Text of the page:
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  18. 52Muntz
    Joined: Jan 13, 2017
    Posts: 27

    52Muntz
    Member
    from PNW

    Just spamming the thread with some pictures.

    Went down to Monterey this year and the Concours de Lemons had a few Muntz Jets. The green one is owned by the Peterson Museum. It was one of the few hemi powered Muntz Jets. The blue one is owned by the gentleman who puts on the de Lemons. I talked to him briefly and he mentioned he’s looking to restore it.

    There was also a yellow Kurtis in the actual Concours Show.
    [​IMG][​IMG][​IMG]
    [​IMG]
     
  19. 52Muntz
    Joined: Jan 13, 2017
    Posts: 27

    52Muntz
    Member
    from PNW

    When I had got the Muntz it was apparent that it had spent some time outside in the rain. Most of the surfaces just had some surface rust but there were a few that had rusted through. One of those areas was the floor pan on the drivers side - under where the drivers seat would sit.

    One of the issues I have always had since getting this car is trying to figure out what parts are original and what parts were modified at some point in the past. In some cases original Muntz fabrication was a bit rough. The floor pan is no different. On my car it is a flat piece of steel, of approximately 16 gauge, with no bead rolls or stringers or anything else added to stabilize and stiffen it. Consequently it “oil cans” when you step on it - deflects a bit under weight then pops back when the weight is removed. I’m not sure if this is how the original car was or not, something tells me it is, but I’m going to stick with it for simplicity nonetheless. If later on it gets too annoying I don’t think it’ll be too hard to weld some stringers (like L or Z shaped steel) under the car to stiffen the floor and prevent the deflection.

    But for now there was a hole in the floor that needed to be patched. Welding is fairly new to me and this seemed like a good project to hone my skills on my wire welder. I figured it’s a moderate gauge with easy access and a floor panel seems like a fairly benign piece of structure to work on. If I screwed it up too much it’d be easy to cut out and try again. Plus it all gets covered with carpet in the end.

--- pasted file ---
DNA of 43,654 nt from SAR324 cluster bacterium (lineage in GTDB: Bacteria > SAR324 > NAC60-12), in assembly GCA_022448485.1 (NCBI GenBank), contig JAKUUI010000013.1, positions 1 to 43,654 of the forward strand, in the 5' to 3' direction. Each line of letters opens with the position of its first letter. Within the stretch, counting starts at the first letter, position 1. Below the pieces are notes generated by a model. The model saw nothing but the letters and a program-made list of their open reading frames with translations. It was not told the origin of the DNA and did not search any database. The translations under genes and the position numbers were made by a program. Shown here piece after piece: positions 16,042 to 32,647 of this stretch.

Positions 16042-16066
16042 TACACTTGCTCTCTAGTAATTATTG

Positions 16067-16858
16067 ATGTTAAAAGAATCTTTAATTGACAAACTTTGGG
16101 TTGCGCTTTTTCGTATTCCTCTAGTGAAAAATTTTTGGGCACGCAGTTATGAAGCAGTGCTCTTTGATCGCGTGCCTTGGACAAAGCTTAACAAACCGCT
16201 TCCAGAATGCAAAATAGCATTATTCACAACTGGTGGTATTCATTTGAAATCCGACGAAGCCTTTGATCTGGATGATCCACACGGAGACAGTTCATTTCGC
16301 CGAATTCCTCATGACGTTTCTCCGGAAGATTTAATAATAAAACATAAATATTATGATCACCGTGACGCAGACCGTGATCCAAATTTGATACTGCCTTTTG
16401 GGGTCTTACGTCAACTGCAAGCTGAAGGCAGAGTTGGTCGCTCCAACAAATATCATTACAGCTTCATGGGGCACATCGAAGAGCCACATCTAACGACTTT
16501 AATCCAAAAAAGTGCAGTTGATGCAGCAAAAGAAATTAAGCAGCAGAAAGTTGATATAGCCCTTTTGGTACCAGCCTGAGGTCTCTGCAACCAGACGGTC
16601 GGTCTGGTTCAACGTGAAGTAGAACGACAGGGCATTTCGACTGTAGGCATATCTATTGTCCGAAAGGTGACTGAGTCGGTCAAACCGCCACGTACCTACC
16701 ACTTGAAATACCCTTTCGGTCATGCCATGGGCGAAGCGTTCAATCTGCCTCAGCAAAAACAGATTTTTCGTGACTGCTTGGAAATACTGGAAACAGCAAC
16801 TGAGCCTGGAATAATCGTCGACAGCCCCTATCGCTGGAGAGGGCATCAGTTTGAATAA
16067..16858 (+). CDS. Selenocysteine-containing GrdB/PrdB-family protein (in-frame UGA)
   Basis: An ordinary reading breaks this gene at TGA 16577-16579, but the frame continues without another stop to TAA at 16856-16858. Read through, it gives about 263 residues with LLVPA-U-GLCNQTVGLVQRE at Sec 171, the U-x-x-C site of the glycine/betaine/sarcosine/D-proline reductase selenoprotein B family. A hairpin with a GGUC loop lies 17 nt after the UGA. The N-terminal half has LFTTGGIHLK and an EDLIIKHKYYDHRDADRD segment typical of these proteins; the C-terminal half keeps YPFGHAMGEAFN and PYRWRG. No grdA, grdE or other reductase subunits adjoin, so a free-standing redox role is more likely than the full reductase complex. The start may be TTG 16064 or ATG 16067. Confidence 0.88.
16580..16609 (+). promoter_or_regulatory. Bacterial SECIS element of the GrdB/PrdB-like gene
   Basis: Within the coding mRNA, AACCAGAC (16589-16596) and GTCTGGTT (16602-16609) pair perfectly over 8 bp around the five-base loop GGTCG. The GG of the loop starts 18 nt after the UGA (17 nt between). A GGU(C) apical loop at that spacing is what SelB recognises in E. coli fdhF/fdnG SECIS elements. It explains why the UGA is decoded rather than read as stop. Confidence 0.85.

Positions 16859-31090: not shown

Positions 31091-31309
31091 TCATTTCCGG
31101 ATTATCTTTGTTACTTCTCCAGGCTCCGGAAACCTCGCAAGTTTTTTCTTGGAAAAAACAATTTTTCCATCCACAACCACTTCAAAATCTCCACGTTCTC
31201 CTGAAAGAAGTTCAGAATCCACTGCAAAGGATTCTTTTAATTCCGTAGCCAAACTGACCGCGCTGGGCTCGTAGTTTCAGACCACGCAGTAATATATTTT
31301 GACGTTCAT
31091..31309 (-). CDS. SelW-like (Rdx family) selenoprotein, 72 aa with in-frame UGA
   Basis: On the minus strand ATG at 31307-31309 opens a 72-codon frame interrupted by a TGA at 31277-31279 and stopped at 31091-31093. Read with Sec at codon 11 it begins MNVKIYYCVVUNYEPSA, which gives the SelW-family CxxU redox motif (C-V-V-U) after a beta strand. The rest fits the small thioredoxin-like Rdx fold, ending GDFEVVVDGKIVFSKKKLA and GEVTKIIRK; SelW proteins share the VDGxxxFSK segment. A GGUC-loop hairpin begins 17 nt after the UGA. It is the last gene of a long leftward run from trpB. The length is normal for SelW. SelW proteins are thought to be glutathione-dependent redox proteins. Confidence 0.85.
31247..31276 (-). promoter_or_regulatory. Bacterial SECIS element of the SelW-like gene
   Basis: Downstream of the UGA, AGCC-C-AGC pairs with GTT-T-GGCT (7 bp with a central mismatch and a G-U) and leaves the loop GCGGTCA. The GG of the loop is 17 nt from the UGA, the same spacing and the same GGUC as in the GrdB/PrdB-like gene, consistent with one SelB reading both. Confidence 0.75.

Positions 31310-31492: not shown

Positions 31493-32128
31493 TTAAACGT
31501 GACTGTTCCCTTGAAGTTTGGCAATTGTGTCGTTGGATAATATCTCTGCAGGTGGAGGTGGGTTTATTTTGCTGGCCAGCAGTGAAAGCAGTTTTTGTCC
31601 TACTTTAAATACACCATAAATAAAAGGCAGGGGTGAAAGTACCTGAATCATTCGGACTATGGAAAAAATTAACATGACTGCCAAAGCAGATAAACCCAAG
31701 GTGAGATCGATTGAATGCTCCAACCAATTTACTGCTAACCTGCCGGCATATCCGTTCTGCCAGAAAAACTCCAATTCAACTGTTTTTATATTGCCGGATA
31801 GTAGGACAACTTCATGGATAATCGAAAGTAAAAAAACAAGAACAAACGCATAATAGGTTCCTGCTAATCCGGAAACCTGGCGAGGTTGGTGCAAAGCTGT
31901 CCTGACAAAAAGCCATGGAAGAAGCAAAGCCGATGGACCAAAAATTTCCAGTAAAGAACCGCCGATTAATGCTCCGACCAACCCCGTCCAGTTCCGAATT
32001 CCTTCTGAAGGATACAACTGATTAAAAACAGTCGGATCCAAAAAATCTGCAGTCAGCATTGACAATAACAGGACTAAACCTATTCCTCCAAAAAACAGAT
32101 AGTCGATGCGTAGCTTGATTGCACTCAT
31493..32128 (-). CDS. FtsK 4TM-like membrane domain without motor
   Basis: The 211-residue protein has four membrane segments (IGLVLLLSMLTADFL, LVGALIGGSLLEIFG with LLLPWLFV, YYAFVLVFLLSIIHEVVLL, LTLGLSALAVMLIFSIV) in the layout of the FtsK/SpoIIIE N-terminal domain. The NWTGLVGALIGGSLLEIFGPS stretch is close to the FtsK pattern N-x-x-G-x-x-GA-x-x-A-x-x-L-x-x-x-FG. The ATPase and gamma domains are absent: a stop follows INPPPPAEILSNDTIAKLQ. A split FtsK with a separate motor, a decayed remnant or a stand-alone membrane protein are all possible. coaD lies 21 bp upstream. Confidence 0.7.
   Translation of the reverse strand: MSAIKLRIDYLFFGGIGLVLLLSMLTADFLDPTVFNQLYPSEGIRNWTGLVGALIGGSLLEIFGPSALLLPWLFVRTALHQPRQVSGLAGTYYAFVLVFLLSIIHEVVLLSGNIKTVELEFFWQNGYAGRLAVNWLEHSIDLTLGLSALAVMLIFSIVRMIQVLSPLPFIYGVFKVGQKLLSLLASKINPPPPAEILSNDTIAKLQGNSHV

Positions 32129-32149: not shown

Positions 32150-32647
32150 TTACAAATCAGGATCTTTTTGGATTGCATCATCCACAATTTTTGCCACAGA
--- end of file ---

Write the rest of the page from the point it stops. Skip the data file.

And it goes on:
My process for doing the floor patch was fairly simple, but whether it is the standard process I do not know. I cut out all of the floor that was rusted through, plus a bit of excess all around. Made sure to get all the cancer. Then I measured the existing floor with calipers to know what gauge steel sheet to use. I put that new steel sheet over the hole I had cut and from underneath I traced the opening onto the new sheet. From there it was a matter of cutting it out (I just used my angle grinder with an abrasive blade) and clamped the sheet in place with some clamps made for doing butt welds. Some finessing with the grinder was needed to get the gaps just right all around the perimeter for the welder. After that I tacked it all around, removed the clamps, and got to practicing my welding. After it cooled I took a light from underneath and checked for any small holes and filled those in. I then ground it flat and took a wire wheel to it. I was pretty happy with the end result. Next up is I’m going to wire wheel it all and cover it all in POR-15 to keep any remaining surface rust at bay. One more small project completed. [​IMG]
     
  20. arkiehotrods
    Joined: Mar 9, 2006
    Posts: 5,160

    arkiehotrods
    ALLIANCE MEMBER

    52Muntz, you're an excellent writer. This is a fun thread!
    I saw that no one had mentioned it, and I don't know if you know it, but Lincoln used GM's Hydra-Matic in their cars 1949-1954, so that Hydra-Matic mated to the Lincoln flathead would have been how it came out of the donor Lincoln.
     
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  21. 52Muntz
    Joined: Jan 13, 2017
    Posts: 27

    52Muntz
    Member
    from PNW

    Thanks! While, I’ll admit, I mainly write it for myself, I’m glad others might enjoy reading it as much as I enjoy writing it.